The Correspondence of Elizabeth Stuart is the first complete edition of the letters of Elizabeth Stuart (1596-1662), Electress Palatine of the Rhine and Queen of Bohemia, daughter of King James I of England and Anna of Denmark.
Volume I covers Elizabeth's life as princess and consort in the years between 1603 and 1631. It includes letters exchanged with her brother, Henry Frederick, the courtship letters of Frederick V, Elector Palatine, and Elizabeth's experiences of both marital and court life in Heidelberg, especially her struggle with Germanic culture and her arguments with both her husband and mother-in-law over rights of precedence. From 1619 her letters become increasingly political as she begs her father, the Duke of Buckingham, and others for assistance in the desperate struggle for the Crown of Bohemia. Deposed in 1620, Elizabeth spends her time in exile devising ploys to gain further financial, moral, and military support from statesmen and military leaders such as Sir Dudley Carleton, the 'Mad Halberstadter' Christian of Brunswick, Count Ernest of Mansfeld, King Christian IV of Denmark, and Bethlen Gabor, Prince of Transylvania, behaviour increasingly in defiance of her father's wishes and demands.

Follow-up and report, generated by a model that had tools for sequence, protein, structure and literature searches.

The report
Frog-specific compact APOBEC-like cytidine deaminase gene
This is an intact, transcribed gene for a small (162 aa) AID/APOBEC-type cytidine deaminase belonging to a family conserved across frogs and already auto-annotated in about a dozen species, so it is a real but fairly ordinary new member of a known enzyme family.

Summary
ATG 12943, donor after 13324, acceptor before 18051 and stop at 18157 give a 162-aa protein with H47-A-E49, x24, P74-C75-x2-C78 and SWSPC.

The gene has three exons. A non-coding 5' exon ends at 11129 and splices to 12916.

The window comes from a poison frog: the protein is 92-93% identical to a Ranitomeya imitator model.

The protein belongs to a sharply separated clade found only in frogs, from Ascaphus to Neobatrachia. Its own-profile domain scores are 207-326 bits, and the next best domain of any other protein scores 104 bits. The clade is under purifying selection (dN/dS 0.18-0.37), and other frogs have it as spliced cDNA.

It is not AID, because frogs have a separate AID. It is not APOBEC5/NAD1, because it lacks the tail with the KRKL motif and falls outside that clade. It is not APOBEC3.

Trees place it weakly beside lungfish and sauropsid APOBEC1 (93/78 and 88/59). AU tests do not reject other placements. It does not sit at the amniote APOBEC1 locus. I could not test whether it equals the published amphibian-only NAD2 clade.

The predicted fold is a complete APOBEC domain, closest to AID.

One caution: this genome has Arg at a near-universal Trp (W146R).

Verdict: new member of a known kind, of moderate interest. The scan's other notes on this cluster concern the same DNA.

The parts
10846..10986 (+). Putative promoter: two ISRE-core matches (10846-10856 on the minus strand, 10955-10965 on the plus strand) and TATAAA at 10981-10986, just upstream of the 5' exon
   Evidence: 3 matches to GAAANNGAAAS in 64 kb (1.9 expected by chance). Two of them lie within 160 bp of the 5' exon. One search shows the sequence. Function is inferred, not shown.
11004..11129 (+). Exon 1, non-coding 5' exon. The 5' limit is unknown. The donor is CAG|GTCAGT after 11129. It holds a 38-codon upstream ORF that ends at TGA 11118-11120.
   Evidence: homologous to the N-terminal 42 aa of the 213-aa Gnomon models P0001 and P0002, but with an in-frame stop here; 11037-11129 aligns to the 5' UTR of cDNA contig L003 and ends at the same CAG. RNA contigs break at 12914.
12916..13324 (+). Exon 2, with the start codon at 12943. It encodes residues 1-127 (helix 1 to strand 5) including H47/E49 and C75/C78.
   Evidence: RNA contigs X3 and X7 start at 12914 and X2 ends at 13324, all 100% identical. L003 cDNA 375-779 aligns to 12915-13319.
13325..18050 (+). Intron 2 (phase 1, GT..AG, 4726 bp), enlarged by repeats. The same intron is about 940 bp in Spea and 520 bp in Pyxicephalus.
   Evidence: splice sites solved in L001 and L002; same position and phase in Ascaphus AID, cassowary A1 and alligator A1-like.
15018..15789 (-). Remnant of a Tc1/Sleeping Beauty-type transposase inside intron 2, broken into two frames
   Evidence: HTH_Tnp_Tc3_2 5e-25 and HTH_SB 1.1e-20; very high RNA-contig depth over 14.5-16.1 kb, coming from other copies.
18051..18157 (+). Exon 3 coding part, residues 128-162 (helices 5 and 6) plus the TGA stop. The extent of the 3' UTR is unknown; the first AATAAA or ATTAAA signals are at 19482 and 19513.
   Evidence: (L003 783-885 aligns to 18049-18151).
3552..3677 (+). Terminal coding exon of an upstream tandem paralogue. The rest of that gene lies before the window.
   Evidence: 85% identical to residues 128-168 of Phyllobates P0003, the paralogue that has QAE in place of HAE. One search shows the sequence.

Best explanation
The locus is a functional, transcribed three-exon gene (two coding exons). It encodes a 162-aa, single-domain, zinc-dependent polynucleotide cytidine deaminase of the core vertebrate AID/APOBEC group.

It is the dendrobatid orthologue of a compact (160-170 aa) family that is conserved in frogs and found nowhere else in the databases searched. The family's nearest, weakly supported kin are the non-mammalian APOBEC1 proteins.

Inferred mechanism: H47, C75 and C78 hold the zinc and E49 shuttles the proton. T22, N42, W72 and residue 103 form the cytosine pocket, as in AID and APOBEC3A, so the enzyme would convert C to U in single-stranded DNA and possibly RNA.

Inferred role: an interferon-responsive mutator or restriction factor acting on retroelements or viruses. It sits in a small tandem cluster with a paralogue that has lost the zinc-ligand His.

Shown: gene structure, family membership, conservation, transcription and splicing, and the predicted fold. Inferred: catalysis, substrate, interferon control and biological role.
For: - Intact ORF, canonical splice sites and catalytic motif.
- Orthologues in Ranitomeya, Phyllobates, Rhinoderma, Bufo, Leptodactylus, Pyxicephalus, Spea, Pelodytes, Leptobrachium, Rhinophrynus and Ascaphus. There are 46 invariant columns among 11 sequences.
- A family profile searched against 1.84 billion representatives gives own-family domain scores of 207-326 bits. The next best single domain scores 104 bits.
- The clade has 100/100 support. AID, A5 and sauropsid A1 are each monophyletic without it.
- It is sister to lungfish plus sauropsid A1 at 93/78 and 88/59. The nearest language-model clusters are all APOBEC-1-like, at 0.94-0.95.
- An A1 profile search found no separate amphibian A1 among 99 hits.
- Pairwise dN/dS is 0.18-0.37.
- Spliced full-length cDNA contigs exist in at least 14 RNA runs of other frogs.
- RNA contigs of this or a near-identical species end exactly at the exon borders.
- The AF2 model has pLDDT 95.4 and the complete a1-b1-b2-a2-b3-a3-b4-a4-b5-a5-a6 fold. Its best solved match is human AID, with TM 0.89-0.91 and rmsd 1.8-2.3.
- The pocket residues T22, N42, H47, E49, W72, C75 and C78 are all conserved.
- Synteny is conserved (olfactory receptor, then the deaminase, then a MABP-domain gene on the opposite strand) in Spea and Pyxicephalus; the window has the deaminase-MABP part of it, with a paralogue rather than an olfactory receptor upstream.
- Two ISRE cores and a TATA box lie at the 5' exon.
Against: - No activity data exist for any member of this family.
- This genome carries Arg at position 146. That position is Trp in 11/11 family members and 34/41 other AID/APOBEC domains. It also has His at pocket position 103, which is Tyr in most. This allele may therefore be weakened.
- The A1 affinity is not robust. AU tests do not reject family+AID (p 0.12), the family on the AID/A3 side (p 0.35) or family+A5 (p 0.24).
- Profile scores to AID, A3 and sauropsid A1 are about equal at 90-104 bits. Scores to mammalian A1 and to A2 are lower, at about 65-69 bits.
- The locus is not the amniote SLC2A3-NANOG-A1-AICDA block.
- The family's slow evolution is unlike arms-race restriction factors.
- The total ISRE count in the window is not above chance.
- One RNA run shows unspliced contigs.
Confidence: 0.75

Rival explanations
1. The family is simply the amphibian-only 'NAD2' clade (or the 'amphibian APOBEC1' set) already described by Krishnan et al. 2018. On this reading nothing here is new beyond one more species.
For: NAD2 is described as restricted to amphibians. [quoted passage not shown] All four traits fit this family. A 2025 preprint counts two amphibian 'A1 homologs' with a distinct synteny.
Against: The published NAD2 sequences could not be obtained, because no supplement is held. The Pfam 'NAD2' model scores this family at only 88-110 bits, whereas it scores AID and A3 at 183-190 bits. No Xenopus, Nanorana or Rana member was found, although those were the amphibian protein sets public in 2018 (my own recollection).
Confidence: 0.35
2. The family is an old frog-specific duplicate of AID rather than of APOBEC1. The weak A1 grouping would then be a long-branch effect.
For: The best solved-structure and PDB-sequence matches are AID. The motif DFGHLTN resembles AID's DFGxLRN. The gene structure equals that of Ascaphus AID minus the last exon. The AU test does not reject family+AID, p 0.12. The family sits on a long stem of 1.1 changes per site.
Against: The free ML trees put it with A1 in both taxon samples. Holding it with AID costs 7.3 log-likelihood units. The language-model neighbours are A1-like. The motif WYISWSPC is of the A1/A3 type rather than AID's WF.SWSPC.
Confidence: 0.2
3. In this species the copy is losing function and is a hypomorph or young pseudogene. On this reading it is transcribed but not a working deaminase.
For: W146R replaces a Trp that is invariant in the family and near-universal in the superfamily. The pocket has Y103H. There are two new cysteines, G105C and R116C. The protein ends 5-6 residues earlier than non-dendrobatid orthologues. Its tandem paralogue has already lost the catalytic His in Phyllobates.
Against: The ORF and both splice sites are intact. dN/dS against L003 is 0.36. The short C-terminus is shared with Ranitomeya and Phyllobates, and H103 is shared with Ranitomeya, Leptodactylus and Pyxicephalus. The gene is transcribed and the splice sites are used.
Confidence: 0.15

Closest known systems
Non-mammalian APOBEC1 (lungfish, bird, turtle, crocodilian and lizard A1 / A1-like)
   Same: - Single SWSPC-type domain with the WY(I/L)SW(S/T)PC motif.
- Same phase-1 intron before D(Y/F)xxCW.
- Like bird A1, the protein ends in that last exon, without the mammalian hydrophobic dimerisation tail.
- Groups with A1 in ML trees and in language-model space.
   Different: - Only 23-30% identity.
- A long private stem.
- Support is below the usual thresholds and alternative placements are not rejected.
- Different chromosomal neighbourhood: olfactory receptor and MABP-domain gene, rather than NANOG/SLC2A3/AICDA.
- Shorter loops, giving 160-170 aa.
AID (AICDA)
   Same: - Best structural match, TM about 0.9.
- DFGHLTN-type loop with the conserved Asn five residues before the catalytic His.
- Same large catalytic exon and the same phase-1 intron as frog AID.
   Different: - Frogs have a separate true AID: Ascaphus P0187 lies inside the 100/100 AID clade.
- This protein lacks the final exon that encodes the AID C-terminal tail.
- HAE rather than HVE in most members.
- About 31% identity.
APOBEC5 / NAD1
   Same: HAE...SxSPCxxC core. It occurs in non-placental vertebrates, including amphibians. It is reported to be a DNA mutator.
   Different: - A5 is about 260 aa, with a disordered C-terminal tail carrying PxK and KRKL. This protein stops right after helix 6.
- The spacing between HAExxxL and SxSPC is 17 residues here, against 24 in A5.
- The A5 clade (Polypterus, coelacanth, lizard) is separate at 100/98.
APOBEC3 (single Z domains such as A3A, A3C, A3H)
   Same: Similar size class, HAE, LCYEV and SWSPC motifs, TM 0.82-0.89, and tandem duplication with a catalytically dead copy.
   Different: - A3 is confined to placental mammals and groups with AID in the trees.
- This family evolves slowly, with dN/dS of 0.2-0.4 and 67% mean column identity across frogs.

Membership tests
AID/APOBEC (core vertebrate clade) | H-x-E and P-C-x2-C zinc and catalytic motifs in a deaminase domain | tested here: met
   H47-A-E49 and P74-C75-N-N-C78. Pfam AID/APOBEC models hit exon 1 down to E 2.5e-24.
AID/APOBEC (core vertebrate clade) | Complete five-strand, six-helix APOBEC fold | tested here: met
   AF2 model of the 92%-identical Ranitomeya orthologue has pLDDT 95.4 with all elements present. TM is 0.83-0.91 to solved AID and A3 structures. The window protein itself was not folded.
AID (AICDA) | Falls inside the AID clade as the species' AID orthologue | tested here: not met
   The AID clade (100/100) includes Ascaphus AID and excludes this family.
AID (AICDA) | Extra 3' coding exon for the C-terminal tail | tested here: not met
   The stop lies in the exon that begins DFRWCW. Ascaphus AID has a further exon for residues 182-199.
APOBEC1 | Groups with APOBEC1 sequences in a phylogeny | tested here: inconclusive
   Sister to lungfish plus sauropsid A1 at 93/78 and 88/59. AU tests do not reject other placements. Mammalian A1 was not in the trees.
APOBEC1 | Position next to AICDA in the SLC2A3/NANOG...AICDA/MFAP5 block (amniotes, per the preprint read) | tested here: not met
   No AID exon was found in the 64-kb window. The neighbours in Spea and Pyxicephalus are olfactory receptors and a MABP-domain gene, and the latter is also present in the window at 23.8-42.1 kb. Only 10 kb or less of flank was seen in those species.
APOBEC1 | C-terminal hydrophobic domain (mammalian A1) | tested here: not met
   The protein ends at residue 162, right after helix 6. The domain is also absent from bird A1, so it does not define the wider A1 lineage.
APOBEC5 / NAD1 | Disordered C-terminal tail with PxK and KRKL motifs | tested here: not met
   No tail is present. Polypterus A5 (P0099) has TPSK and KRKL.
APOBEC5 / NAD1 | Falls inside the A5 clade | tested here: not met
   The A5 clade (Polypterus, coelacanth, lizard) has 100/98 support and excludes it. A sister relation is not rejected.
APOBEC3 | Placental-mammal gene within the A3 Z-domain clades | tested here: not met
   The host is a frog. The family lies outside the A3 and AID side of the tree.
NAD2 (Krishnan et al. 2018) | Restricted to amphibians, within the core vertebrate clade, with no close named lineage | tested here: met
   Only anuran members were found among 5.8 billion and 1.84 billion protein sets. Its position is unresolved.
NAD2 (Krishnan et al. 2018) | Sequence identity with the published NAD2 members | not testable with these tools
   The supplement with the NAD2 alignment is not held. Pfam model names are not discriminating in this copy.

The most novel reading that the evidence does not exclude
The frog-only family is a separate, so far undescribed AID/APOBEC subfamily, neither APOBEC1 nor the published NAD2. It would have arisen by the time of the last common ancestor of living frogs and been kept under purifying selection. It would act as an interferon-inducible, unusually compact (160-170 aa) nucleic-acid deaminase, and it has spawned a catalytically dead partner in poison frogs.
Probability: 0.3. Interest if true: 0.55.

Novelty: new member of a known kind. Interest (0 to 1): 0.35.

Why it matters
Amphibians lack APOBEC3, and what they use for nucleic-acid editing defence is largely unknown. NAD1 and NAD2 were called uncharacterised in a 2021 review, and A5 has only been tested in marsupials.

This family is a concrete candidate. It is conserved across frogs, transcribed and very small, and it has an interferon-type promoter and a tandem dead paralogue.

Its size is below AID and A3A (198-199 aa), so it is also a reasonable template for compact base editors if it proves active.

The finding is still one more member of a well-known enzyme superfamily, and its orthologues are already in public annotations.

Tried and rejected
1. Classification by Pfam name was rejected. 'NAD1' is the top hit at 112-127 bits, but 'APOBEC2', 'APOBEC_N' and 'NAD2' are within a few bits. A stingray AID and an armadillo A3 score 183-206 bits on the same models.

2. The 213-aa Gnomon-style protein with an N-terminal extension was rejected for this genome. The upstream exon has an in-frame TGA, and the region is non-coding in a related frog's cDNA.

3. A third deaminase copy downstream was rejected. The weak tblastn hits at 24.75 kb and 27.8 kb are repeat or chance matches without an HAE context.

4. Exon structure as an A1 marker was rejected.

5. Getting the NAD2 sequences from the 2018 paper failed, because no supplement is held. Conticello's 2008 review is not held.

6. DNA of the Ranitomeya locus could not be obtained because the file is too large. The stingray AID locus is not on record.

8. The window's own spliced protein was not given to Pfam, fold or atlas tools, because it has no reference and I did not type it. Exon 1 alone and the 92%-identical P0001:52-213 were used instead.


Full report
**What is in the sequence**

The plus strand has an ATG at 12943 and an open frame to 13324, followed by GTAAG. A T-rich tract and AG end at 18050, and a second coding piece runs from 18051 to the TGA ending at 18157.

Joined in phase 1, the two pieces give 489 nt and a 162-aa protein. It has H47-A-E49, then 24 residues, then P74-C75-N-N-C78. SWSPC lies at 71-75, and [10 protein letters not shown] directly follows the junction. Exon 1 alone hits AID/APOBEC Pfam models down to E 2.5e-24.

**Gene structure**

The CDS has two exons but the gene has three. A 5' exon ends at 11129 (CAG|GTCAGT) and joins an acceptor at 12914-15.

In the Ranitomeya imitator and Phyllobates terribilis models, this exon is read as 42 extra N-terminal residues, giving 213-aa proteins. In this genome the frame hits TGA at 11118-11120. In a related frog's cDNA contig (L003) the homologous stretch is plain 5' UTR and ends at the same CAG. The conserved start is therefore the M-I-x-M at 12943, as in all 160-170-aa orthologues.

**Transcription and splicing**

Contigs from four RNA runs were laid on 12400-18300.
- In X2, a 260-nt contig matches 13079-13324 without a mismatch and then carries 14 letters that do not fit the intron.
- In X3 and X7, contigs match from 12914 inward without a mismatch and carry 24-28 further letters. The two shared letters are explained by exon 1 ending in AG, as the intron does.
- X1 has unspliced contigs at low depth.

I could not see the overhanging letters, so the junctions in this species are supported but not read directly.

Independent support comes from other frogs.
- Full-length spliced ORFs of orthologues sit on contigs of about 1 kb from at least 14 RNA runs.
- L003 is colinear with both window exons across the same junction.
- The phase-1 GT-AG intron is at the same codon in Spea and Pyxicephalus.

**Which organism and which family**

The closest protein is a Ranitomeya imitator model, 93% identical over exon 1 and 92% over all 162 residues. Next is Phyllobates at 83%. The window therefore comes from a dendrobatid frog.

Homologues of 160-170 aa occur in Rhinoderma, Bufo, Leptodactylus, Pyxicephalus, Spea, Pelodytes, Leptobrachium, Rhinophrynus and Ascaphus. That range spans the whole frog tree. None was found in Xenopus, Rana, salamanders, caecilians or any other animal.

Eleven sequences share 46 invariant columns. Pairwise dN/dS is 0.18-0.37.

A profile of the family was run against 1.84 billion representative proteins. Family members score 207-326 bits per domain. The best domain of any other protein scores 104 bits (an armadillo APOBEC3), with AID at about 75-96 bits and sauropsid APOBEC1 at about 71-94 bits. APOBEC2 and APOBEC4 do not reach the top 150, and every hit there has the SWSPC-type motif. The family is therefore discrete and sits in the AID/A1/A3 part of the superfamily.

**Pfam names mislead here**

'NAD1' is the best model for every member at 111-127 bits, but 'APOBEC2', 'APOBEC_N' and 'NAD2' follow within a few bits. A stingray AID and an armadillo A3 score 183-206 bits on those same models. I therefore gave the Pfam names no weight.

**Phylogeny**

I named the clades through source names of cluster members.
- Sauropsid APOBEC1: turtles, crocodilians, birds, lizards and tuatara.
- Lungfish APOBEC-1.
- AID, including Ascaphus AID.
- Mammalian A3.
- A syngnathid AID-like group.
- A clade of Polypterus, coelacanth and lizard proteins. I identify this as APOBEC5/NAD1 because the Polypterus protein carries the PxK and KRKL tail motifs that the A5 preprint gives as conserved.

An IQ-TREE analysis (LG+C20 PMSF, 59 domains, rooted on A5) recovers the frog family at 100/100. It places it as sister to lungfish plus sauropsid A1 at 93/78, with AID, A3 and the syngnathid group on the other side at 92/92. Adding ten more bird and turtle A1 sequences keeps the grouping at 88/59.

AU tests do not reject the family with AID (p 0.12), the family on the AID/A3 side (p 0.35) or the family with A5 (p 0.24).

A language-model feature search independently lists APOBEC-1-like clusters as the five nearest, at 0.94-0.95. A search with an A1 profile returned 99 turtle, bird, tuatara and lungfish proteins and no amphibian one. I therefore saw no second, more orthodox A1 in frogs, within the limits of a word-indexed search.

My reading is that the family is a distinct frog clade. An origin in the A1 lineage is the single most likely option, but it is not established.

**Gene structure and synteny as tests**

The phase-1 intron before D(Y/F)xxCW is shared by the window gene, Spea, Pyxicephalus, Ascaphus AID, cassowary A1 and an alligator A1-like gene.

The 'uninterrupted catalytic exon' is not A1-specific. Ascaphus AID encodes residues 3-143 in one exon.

Elizabeth's letters evidence her slow transformation from political ingenue to independent stateswoman, a position cemented as her husband fell victim to the war they had precipitated. The diplomatic writing skills she developed in this period were to become her only weapon for securing both the inheritance of her many children and her own position as a key religious, political, and cultural figure in early-modern Europe.